JB: Not at this moment, you know. I'll probably think of five things very soon, "Why didn't I touch on this?" ...

SI: This concludes an interview with Dr. Jarka Burian on May 14, 1999, in New Brunswick, New Jersey. Thank you, Dr. Burian.

JB: You're welcome. You're very welcome.

[Brief remarks on July 25, 2001, as a supplement to the original transcript:

Just to update a few essentials: My wife and I marked our fiftieth anniversary in Prague on June 15, 2001; of the two "forthcoming" books mentioned in the transcript, one came out in the summer of 2000, Modern Czech Theatre (University of Iowa Press), and the other's publication is scheduled for early 2002, Leading Creators of Twentieth-Century Czech Theatre, (Routledge); since retirement in 1992, I have directed several staged readings with local groups, for example, Chekhov's Uncle Vanya and Euripides' Trojan Women; I am in the early phases of working on Marlowe's Doctor Faustus for a fall 2001 performance; and I'm still swimming-two meets coming up in August.]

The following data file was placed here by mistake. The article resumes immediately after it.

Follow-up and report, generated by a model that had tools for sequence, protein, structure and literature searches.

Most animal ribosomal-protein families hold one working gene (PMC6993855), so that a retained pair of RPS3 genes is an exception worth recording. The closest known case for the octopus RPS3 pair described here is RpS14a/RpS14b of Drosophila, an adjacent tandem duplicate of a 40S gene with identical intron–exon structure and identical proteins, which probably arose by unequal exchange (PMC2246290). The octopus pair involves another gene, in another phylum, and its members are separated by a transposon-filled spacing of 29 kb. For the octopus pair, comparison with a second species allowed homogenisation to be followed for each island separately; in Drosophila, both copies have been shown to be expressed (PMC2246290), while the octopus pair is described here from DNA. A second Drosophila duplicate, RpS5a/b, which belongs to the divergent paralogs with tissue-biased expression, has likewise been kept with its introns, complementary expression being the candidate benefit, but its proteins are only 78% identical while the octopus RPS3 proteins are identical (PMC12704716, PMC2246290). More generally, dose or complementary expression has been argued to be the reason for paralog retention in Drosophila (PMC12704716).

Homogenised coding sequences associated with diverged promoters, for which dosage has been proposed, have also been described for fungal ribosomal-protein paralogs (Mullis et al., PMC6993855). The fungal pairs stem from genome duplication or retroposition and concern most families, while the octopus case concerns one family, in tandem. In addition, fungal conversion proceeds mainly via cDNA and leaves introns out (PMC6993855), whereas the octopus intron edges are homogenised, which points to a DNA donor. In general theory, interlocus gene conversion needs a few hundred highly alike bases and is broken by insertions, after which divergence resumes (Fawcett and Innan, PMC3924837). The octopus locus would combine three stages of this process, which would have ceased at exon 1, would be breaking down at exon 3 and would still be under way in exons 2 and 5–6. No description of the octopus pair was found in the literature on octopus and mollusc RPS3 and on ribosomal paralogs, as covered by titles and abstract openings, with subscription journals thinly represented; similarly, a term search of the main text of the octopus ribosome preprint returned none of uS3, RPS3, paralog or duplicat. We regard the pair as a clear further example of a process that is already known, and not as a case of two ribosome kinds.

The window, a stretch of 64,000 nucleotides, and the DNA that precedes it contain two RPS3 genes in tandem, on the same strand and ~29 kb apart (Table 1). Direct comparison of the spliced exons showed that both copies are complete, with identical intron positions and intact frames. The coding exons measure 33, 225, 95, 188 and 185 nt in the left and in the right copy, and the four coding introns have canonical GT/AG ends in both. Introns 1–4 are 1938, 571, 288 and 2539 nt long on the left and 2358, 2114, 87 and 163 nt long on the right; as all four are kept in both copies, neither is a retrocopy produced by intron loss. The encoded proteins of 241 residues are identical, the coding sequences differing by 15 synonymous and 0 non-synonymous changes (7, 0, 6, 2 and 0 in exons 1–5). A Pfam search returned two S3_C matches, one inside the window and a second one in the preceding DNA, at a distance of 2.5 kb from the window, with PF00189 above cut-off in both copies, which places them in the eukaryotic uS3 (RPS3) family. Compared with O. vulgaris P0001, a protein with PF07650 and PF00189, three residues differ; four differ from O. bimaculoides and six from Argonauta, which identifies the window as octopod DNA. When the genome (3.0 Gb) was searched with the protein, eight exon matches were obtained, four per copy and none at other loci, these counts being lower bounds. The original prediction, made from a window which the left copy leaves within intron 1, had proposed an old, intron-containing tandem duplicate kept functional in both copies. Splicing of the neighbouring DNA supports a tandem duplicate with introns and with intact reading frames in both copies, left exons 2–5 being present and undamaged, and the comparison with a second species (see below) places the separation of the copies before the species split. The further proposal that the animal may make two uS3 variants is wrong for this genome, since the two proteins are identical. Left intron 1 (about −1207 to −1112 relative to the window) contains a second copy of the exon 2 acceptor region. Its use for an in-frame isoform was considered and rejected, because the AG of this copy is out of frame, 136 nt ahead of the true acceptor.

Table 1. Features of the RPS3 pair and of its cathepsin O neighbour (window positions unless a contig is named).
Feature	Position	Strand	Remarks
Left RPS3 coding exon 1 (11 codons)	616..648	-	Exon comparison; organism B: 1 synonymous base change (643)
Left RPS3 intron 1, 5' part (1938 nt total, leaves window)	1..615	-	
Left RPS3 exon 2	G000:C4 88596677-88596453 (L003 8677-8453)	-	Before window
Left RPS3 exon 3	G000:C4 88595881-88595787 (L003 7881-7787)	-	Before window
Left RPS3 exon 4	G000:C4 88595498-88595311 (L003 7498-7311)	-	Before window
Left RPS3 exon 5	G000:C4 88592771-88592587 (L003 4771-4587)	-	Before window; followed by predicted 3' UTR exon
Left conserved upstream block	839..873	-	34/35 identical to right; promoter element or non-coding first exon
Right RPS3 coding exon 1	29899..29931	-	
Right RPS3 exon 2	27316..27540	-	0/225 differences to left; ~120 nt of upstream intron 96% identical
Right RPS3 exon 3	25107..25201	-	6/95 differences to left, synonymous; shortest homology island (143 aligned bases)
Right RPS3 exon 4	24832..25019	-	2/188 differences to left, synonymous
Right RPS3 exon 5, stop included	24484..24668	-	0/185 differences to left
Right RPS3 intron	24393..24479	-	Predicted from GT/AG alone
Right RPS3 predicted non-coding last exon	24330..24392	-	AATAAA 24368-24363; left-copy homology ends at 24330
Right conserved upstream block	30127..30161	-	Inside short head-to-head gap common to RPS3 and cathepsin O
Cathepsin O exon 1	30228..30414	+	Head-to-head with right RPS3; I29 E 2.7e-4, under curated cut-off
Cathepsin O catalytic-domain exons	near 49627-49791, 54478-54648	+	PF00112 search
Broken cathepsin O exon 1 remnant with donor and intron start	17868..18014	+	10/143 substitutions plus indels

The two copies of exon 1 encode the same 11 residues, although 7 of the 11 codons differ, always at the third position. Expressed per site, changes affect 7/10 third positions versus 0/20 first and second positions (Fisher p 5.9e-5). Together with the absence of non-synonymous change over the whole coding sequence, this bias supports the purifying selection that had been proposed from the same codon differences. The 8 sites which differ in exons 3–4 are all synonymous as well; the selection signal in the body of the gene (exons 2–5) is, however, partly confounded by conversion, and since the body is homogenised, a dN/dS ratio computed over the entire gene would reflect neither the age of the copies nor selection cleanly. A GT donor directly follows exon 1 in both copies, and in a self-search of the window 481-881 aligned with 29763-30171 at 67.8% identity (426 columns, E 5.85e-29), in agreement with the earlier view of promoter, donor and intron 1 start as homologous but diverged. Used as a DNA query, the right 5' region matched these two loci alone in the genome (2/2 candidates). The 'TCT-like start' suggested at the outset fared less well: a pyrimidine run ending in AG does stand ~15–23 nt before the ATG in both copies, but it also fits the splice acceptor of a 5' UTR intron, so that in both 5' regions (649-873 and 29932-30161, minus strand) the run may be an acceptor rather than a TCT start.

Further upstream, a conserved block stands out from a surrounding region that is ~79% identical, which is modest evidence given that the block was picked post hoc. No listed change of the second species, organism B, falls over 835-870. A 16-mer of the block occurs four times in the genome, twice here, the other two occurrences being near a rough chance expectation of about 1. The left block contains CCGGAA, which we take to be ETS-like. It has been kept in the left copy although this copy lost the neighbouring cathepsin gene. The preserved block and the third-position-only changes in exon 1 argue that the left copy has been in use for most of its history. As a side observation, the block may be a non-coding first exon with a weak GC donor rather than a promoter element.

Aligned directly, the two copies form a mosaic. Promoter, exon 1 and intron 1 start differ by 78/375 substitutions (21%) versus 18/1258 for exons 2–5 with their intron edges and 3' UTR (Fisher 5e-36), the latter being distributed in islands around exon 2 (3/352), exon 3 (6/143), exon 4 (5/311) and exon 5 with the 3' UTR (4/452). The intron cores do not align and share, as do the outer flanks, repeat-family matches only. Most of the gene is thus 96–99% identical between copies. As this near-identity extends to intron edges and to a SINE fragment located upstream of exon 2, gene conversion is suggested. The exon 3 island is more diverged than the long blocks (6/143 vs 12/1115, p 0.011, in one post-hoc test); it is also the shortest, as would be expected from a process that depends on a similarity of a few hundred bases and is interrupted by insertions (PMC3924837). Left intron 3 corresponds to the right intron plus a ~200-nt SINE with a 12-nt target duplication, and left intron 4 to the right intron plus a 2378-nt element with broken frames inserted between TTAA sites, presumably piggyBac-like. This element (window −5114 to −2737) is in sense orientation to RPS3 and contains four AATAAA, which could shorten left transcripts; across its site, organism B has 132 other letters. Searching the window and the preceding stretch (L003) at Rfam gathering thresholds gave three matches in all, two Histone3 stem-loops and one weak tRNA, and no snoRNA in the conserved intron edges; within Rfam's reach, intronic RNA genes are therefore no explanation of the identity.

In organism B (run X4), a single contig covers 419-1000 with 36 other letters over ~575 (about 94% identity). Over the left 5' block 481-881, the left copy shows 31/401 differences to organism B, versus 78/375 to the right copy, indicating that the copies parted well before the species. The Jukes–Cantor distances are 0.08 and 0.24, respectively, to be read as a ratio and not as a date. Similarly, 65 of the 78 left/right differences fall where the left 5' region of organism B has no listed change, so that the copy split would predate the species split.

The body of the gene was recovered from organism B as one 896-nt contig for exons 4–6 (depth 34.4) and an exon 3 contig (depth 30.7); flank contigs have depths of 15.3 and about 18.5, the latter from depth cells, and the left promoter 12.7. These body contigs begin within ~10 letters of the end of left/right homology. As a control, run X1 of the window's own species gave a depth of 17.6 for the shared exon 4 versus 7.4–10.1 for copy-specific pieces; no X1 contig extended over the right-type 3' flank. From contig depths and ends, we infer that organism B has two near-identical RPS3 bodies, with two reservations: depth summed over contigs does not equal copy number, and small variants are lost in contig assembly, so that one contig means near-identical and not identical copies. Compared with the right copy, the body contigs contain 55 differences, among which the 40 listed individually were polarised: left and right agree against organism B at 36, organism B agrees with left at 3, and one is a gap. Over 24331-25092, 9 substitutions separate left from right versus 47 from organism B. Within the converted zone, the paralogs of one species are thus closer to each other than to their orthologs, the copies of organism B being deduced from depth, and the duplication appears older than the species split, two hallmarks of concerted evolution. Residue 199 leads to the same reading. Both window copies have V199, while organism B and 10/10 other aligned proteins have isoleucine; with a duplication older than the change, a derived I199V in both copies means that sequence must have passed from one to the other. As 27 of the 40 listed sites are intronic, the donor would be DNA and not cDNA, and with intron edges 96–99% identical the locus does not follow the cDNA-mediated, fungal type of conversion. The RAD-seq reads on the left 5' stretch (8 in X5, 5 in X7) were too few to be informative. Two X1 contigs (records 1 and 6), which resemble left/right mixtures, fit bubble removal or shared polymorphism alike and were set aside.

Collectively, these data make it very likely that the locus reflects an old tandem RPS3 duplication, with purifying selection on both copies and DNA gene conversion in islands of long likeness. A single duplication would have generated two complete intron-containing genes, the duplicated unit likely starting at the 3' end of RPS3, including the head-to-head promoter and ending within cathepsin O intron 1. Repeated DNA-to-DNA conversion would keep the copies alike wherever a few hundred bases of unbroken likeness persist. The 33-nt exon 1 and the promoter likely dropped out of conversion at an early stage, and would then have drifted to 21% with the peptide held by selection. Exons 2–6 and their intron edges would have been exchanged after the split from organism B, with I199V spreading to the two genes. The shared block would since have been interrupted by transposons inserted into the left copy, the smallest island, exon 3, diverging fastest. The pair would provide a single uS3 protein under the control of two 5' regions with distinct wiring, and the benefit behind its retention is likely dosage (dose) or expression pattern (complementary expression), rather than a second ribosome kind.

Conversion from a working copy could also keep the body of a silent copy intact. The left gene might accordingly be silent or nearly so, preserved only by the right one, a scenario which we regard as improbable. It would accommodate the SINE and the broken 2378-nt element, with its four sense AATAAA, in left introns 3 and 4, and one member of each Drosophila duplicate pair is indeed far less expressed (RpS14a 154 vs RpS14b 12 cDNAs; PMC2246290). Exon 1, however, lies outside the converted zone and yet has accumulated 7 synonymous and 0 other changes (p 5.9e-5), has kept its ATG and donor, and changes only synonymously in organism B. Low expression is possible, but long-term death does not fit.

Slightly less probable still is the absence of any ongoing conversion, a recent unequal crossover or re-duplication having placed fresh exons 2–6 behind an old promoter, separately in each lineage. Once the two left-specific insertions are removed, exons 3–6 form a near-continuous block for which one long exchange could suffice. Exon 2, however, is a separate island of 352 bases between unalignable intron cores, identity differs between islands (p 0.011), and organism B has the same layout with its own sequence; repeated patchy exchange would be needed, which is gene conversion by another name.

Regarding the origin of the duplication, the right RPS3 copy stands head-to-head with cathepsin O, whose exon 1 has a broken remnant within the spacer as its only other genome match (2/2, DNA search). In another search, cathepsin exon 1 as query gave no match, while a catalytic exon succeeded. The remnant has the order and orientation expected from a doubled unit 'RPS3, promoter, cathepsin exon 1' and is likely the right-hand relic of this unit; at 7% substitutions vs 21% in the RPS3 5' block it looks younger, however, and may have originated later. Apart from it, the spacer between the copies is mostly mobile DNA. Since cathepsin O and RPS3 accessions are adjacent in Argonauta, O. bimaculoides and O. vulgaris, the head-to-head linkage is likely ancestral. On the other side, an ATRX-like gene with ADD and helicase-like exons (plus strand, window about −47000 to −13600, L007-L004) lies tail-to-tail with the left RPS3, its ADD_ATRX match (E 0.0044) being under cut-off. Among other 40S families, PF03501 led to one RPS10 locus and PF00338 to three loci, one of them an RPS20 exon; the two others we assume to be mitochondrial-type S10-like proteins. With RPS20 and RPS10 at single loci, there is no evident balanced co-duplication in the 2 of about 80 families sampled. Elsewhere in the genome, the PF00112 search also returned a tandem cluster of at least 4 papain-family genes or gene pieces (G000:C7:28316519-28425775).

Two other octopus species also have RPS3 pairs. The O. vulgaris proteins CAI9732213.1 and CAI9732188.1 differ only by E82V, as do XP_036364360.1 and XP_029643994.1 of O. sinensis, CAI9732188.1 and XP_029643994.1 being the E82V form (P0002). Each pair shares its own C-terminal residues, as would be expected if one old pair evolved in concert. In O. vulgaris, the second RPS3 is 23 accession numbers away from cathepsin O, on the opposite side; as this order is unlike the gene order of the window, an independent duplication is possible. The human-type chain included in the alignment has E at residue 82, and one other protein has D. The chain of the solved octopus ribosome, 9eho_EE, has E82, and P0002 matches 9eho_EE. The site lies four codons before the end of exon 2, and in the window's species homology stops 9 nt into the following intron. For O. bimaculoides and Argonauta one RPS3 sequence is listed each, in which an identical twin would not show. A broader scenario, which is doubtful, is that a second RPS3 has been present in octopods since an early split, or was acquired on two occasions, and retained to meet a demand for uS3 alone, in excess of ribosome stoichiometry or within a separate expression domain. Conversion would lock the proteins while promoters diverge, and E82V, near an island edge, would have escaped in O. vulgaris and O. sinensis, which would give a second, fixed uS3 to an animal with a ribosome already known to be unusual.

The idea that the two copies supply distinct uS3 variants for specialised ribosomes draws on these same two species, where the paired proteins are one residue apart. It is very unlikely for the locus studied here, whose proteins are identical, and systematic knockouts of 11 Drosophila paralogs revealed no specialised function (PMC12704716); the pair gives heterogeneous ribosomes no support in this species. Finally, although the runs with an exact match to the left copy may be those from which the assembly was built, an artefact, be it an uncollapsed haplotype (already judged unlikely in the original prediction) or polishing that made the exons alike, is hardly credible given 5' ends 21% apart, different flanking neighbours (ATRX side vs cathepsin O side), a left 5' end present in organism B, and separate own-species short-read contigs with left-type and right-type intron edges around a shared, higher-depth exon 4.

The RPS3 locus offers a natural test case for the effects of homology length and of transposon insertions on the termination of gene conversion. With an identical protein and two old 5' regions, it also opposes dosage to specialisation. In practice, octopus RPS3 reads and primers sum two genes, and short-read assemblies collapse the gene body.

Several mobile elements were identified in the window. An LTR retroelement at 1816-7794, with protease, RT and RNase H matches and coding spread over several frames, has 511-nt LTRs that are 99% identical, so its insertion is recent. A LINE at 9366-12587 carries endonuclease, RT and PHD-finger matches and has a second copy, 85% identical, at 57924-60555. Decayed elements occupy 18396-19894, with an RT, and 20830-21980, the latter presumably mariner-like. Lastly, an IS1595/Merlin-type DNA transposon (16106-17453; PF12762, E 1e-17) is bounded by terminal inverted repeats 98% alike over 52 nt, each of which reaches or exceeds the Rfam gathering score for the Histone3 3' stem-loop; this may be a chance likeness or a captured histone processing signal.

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Reviewed by Shaun Illingworth 6/4/01

Reviewed by Sandra Stewart Holyoak 6/6/01

Reviewed by Jarka Burian 7/25/01